Starting a career as a coach in this field can be exciting and rewarding; it can also, at times, be overwhelming. There will be countless pieces of novel information, assigned tasks, names and faces to learn, and hours spent on your feet that are all part of the process of becoming and continuing to be a strength and conditioning coach. At the end of the day, however, if you are passionate about human health and performance and creating meaningful relationships with others, it will all be worth it.
Plus, we get to wear athletic gear, train ourselves, and not sit behind a desk for a career—pretty cool if you ask me. The first few years as a coach are full of decisions that can lead you down one coaching route or another, and that can make or break you and your experience as a coach in this field. In no particular order, I have listed eleven tips that I either wish I knew before starting my journey or that I have learned through my various experiences over the past two and a half years as an intern and coach.
The experiences I have had in this field have influenced my personal and professional growth, which I attribute to the people I have worked with and for. My career as a Strength and Conditioning coach started with three consecutive internships:
- One with my high school S&C coach in Virginia Beach.
- Another with Cressey Sports Performance in Massachusetts.
- Lastly with Elon University Sports Performance.
Following this string of internships, I went on to pursue a Master’s degree in the 2021-2022 school year at Merrimack College while also serving as a Graduate Fellow Strength and Conditioning coach. In the summer of 2022 I served as the S&C coach for the Brewster Whitecaps in the Cape Cod Collegiate Baseball League. During those two and a half years, I worked with athletes from a wide variety of backgrounds, including high school, collegiate, and professional baseball, softball, soccer, football, track and field, ice hockey, and military/tactical athletes.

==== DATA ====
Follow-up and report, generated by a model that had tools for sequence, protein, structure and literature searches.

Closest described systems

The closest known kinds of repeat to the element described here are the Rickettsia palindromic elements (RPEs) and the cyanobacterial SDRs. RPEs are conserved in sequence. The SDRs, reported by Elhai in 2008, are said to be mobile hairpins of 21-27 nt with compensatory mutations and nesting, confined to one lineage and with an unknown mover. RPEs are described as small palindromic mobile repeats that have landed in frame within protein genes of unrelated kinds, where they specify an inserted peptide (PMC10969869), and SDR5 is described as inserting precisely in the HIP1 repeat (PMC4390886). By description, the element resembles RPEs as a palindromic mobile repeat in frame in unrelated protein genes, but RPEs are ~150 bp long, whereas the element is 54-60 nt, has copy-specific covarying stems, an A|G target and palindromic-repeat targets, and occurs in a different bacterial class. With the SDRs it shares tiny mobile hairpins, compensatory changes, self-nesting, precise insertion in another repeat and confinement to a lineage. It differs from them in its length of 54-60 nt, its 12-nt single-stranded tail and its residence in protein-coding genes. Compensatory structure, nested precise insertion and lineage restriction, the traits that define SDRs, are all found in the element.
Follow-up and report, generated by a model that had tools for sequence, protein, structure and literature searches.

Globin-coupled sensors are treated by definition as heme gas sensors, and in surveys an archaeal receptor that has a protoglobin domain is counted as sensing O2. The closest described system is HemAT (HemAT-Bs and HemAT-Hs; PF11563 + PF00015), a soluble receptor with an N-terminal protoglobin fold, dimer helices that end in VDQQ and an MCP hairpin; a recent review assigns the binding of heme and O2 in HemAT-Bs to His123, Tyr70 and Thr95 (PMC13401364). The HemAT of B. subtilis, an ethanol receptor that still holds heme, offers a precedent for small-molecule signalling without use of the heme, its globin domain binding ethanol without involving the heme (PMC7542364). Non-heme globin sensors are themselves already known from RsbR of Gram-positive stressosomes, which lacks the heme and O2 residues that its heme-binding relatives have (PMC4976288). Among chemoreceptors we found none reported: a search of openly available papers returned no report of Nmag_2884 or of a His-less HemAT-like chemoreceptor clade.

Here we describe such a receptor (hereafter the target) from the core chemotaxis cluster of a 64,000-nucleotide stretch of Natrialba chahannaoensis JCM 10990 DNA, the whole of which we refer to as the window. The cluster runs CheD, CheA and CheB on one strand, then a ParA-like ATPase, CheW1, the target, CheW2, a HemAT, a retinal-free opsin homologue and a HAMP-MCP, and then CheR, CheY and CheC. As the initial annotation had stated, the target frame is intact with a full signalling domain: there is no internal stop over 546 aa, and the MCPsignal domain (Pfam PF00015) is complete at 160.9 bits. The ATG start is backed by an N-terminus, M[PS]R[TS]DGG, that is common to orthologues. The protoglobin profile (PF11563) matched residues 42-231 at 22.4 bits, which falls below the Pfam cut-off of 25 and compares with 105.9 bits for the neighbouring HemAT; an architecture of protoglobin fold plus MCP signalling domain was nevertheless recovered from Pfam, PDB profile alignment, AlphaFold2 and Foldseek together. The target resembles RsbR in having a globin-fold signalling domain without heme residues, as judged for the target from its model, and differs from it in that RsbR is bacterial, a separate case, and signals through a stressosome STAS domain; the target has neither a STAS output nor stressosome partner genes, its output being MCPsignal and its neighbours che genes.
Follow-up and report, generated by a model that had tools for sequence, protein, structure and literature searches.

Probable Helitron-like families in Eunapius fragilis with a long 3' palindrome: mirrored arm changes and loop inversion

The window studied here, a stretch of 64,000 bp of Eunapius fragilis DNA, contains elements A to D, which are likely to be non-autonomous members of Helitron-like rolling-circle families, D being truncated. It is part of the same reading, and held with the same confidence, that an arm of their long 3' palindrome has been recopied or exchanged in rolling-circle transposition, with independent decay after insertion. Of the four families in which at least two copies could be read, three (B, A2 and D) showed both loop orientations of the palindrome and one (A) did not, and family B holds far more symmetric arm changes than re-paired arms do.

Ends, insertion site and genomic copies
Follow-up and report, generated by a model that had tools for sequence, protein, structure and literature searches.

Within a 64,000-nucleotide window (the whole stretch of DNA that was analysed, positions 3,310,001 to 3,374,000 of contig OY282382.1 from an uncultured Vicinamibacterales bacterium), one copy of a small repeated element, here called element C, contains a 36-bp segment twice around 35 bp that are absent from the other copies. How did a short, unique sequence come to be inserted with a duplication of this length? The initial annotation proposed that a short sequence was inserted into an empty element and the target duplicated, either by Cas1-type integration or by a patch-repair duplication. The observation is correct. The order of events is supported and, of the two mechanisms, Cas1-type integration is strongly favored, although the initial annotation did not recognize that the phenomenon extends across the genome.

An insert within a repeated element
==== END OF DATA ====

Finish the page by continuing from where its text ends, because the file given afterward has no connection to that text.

To say I learned a lot from these experiences would be an understatement, but I surely left some growth on the table. At times, I was close-minded, stubborn, arrogant, and lacked communication skills—if I had known or appreciated some of the tips I provide below, I am confident I would have squeezed every ounce out of each of these experiences.
Tip #1: Do Your Research
I don’t mean join a research team and work in a lab (although that too can be a valuable experience). Instead, this section is focused on the idea of knowing everything about a place before you decide to apply. Whether it is an internship, a graduate assistantship, or your first job, educating yourself on the culture, the people, the duties and responsibilities expected of you, past interns or employees and why they may have left, benefits the position is or is not offering, location and housing, and much more are vital to ensuring you and the potential employment site are a good fit.
Unfortunately—but also fortunately, which I will discuss in another tip—it is going to be hard to find the perfect spot, so prioritizing what you need from the opportunity should be at the forefront of your decision making process when identifying places to apply.
Tip #2 – The Application and the Interview
For interns, do not worry if your professional work history is not what you would consider competitive. It is likely your first or second experience as a coach, which places looking for interns should understand and perhaps be excited about—you provide them with the opportunity to teach and mentor others, which is really what we are doing as coaches at the end of the day. Before sending in your application, reread it, have someone else go through it, then reread it two more times yourself.
I am not kidding.
Showing an employer right off the bat whether you can follow instructions exactly as they are provided to you for applications/submissions can move you to the interview stage or get you dropped from consideration immediately.For interns, do not worry if your professional work history is not what you would consider competitive. Click To Tweet